NBCU's Burke: Comcast Could Make Most Money in Streaming

Steve Burke
Steve Burke (Image credit: Lisa Berg/NBC)

Comcast expects to be able to make more money from streaming than any other company in the world, according to Steve Burke, chairman of Comcast’s NBCUniversal unit.

On Comcast’s fourth-quarter earnings call Thursday, Burke said that looking at Comcast’s broadband business and its Flex and soon-to-launch Peacock streaming businesses, will be big money makers.

“I think our company is better positioned as the world moves to streaming than any other company in the world,” Burke said. “I think you could argue that in the next 10 to 20 years, if you look at all those three businesses combined, we could make more money in streaming than anyone else, by a lot."

Burke added that he expects most cable and satellite companies to make a deal with NBCU to provide Peacock to their customers. NBCU already has a deal with Cox.

There will be a version of Peacock that’s available to all consumers for free that offers about 7,500 hours of content. A premium version of Peacock has 15,000 hours of content and will cost $5 a month, but will be free to Comcast subscribers. Other MVPDs can make a deal with NBCU to give Peacock Premium for free to their subscribers.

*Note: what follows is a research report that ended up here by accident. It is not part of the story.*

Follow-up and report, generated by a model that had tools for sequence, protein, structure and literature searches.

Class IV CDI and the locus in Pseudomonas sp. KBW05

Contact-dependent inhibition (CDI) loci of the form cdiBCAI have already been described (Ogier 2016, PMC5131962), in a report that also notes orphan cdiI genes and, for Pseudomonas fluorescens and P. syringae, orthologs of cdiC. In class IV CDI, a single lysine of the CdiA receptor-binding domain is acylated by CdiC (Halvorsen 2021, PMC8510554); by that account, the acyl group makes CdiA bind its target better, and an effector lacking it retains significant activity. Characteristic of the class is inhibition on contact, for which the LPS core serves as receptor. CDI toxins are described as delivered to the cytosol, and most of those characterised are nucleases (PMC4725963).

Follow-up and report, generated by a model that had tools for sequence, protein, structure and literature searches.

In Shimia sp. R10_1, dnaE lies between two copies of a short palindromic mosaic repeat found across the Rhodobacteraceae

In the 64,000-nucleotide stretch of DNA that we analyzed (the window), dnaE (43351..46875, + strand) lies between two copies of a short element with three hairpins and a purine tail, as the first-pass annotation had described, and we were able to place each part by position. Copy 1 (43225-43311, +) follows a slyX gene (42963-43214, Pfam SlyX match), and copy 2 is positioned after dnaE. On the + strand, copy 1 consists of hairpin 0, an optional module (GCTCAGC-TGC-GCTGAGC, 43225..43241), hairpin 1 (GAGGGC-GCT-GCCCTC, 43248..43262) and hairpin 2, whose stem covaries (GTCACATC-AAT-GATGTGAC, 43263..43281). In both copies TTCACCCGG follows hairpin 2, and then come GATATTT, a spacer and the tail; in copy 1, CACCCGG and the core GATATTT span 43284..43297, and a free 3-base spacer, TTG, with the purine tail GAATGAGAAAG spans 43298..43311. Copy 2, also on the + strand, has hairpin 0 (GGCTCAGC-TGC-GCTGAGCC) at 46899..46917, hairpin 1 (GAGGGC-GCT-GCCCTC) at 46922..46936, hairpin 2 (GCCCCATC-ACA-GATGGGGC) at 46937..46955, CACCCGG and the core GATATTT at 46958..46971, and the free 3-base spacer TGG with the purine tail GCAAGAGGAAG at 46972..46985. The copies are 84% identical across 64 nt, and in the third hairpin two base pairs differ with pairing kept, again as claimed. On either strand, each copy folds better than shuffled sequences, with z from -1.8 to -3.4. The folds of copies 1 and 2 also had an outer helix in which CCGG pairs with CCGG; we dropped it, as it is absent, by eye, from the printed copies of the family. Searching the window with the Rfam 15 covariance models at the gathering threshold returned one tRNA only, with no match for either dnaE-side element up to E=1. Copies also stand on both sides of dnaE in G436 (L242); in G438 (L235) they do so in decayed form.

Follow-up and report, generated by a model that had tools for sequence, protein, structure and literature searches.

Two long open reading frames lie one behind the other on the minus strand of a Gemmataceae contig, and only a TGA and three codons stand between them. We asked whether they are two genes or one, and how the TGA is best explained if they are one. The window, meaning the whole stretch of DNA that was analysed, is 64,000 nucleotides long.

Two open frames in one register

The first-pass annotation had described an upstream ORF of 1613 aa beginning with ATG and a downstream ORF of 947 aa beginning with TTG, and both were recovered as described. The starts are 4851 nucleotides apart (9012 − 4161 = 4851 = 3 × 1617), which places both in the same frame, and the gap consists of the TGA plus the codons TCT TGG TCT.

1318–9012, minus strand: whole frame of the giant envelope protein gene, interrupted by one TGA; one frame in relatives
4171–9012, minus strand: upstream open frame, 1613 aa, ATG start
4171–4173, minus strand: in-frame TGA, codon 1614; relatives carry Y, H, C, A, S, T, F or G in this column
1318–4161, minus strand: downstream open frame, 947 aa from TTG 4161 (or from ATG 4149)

“That universe is still about 80%, so 80% of the people in America I think eventually are going to be able to get that $5 product for free,” Burke said.

“It’s such a great value to be able to give all of your customers a product that’s $5 a month in value, or $60 a year, for free, that I think eventually we will get the vast majority if not all of cable and satellite.

He said some of the negotiations won’t happen until NBCU’s current deals with MVPDs are up. 

“We have a lot of big deals up this year,” Burke said, “but I think by the end of this year you’re going to see the $5 Peacock product be offered for free to a lot of cable and satellite customers.”

Jon Lafayette

Jon has been business editor of Broadcasting+Cable since 2010. He focuses on revenue-generating activities, including advertising and distribution, as well as executive intrigue and merger and acquisition activity. Just about any story is fair game, if a dollar sign can make its way into the article. Before B+C, Jon covered the industry for TVWeek, Cable World, Electronic Media, Advertising Age and The New York Post. A native New Yorker, Jon is hiding in plain sight in the suburbs of Chicago.